Quatrain is a poetic structure consisting of 4-lined stanzas, usually consisting of an ABAB rhyme scheme.

Pre-19th Century ExampleElegy Written in a Country Churchyard by Thomas Gray (1751)

“The curfew tolls the knell of parting day,
The lowing herd wind slowly o’er the lea,
The ploughman homeward plods his weary way,
And leaves the world to darkness and to me.
Now fades the glimmering landscape on the sight,
And all the air a solemn stillness holds,
Save where the beetle wheels his droning flight,
And drowsy tinklings lull the distant folds;”
This poem has an ABAB rhyme and is separated into sets of 4 lines which means it’s written in Quatrain form
19th Century ExampleIn Memoriam A.H.H. by Lord Tennyson Alfred (1849)
“Strong Son of God, immortal Love,
Whom we, that have not seen thy face,
By faith, and faith alone, embrace,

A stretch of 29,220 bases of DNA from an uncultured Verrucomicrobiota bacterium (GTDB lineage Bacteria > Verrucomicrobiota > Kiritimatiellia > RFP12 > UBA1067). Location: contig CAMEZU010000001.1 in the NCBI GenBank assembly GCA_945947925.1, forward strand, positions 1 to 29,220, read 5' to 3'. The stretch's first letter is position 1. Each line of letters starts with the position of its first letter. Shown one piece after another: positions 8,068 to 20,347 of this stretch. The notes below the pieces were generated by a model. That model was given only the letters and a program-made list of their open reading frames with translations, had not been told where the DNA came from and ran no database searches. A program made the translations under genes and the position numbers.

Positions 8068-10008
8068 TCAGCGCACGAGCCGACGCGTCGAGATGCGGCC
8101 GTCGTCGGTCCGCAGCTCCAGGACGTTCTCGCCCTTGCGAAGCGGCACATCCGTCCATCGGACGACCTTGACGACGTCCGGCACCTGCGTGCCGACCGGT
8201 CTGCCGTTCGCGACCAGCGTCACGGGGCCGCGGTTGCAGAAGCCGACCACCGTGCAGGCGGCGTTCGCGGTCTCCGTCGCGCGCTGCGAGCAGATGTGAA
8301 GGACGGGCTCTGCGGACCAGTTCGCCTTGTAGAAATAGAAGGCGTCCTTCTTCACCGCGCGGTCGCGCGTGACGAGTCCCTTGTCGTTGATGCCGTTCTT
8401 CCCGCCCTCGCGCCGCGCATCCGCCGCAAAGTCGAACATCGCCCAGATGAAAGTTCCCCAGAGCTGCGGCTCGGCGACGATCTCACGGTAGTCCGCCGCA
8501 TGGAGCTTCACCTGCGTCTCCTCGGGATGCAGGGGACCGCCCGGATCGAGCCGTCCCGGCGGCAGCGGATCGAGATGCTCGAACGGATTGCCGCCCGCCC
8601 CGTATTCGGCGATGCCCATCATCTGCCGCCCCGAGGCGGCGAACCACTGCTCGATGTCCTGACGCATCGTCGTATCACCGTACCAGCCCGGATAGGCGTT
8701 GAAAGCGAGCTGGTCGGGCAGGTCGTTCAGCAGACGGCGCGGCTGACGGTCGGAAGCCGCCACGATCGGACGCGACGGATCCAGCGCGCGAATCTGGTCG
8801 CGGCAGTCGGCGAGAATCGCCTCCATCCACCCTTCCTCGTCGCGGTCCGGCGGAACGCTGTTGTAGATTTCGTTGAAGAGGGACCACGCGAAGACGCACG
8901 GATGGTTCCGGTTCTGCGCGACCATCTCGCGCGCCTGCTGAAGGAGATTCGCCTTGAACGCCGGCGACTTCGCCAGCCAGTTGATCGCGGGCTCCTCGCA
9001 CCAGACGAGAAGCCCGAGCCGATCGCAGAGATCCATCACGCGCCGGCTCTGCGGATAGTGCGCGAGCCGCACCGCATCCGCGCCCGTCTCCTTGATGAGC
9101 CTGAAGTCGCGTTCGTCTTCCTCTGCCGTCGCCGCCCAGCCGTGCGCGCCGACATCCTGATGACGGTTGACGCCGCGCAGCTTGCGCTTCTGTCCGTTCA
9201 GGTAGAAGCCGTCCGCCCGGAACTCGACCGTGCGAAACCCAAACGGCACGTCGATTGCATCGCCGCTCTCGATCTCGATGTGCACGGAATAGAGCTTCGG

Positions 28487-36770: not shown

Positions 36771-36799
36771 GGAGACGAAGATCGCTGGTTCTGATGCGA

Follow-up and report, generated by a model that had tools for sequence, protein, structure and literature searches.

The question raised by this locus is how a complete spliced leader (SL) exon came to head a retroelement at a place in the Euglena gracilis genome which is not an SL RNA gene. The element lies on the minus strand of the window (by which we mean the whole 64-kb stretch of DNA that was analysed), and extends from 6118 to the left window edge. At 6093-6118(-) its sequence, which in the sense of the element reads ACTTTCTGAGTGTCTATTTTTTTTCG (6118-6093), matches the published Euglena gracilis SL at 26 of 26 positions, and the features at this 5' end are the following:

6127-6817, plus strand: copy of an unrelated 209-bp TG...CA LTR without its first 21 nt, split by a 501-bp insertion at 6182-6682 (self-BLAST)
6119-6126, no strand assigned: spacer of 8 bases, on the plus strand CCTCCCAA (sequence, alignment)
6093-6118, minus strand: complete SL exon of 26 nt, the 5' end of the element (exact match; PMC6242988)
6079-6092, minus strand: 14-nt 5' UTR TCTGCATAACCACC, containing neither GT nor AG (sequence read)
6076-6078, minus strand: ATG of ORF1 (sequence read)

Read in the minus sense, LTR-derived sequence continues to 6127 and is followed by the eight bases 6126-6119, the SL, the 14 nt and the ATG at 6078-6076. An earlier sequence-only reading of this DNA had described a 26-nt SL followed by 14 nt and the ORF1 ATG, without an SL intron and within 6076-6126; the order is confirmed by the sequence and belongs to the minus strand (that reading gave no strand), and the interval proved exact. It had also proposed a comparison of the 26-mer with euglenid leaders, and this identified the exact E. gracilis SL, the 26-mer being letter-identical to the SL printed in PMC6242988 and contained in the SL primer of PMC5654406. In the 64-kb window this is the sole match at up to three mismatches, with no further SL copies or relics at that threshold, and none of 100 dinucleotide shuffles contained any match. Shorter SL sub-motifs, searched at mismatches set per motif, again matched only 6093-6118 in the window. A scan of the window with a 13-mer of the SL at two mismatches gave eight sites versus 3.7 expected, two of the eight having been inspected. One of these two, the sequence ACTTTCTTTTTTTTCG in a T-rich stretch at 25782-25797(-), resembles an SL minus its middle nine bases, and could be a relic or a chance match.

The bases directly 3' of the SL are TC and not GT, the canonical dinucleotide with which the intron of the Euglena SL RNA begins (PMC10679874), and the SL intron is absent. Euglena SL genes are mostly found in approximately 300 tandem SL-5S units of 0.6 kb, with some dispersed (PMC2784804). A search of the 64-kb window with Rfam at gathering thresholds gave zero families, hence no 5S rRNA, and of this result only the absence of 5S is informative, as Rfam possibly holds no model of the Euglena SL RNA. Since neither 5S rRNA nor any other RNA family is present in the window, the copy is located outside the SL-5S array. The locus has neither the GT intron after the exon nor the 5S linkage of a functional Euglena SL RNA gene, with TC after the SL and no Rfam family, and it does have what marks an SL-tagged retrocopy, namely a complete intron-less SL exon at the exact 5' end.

Believing where we cannot prove;
Thine are these orbs of light and shade;
Thou madest Life in man and brute;
Thou madest Death; and lo, thy foot
Is on the skull which thou hast made.”
Despite having an ABBA rhyme, this poem is an example of quatrain due to each stanza being separated into 4 lines
Modern ExampleLeap Before You Look by W.H. Auden (1940)
“The sense of danger must not disappear:
The way is certainly both short and steep,
However gradual it looks from here;
Look if you like, but you will have to leap
Tough-minded men get mushy in their sleep
And break the by-laws any fool can keep;
It is not the convention but the fear
That has a tendency to disappear.”

This poem has various rhyme schemes throughout such as the first stanza having an ABAB rhyme and the second having an AABB but every stanza contained 4 lines therefore making it a quatrain poem.







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